I'd guess that a math/econ grad would be bored as a budget analyst, but would be a good fit for a risk analyst in the trading room of an oil company or trading firm. Certain fa jobs might be great fun for you, others would be a total drag. Do your best to extract a solid and complete job description and ask lots of questions about the daily work and how your set of math/econ skills will be of value in the job.

Good luck!

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Bobby in Milwaukee, Wisconsin

39 months ago

SFA in Denver, Colorado said: Part of your challenge is the fact that employers massively abuse these terms, especially "financial analyst." An FA may work strictly with budget vs. variance analysis (and is therefore really a budget analyst), may be a mis-named accountant (if required to make journal entries or to reconcile/correct others' je's), and may get involved with analyzing aspects of risk. A risk analyst may work with commodities or other trades, helping to asses the financial risks of various forms of investment or position taking, or may entail figuring out what amount of insurance is required for different parts of the company. Budget analyst jobs I've seen listed tend to be in government firms, an area outside of my experience.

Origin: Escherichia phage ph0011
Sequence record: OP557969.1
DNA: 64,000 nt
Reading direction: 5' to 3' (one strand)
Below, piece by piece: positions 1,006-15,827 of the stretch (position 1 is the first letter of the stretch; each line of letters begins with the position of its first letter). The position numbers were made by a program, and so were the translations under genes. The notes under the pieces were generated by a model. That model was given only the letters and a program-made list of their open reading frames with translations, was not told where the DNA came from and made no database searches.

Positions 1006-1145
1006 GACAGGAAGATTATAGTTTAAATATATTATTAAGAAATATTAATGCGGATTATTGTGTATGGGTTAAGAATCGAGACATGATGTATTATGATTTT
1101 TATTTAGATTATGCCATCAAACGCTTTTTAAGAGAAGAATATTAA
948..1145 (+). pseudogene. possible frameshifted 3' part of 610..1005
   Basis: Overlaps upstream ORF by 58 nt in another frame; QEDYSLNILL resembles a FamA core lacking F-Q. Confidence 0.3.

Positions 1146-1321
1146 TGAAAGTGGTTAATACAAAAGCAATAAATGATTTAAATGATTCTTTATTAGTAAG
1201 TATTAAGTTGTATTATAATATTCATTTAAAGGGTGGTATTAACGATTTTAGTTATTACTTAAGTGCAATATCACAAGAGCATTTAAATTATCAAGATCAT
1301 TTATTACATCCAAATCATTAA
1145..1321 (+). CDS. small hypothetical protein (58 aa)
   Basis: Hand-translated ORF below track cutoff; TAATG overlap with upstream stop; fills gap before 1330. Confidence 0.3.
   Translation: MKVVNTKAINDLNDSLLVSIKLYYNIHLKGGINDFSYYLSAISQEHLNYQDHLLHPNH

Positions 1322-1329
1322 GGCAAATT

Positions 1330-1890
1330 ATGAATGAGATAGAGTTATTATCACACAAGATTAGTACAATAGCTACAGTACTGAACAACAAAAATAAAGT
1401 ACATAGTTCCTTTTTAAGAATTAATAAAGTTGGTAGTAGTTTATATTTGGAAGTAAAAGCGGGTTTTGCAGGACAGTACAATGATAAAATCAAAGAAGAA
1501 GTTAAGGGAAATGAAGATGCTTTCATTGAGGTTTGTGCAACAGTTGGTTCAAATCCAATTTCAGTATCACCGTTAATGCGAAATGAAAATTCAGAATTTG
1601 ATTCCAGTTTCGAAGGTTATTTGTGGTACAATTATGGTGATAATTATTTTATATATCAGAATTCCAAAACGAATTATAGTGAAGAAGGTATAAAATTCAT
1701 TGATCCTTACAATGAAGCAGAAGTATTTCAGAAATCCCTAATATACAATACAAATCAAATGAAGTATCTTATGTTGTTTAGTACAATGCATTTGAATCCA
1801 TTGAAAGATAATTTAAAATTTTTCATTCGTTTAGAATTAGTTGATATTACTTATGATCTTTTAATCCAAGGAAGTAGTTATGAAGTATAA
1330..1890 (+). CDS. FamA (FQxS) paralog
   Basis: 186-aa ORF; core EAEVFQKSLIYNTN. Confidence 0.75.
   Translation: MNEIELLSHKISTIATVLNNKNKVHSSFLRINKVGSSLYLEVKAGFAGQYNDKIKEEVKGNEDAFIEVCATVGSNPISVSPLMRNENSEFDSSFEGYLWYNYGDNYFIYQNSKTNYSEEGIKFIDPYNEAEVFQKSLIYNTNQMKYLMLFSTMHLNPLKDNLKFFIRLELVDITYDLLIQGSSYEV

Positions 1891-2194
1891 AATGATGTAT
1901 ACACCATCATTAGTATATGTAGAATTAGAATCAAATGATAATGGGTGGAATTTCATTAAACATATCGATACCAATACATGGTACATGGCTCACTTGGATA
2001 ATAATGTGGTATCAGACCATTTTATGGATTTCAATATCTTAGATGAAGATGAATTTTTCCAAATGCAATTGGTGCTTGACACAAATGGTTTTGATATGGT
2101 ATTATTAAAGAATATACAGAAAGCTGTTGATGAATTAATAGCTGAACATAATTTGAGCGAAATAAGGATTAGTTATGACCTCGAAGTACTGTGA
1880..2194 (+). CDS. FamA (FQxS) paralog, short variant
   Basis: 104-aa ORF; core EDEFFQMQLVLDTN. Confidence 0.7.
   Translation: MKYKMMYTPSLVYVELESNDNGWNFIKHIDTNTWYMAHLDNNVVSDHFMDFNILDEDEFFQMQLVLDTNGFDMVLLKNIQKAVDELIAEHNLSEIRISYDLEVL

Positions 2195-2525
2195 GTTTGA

I'd guess that a math/econ grad would be bored as a budget analyst, but would be a good fit for a risk analyst in the trading room of an oil company or trading firm. Certain fa jobs might be great fun for you, others would be a total drag. Do your best to extract a solid and complete job description and ask lots of questions about the daily work and how your set of math/econ skills will be of value in the job.

Good luck!

Thank you very much for the response!

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vaibhavi in Enfield, Connecticut

38 months ago

Hello everyone. its great to know people still like FA jobs. I have recently applied for Jr. Financial Analyst position at Robert Half International. I have interview this friday. And not sure what Qs to prepare for. They said I will have to take assessments before heading to interview. Only if the test results comes good than I can go for the interview. weired. Anyways I'm a recent college grad B.S. in finance. and this is my 1st time applying for FA position. I don't know much about FA position or anything in detail. If possible can someone explain it to me.

Thank you in advance.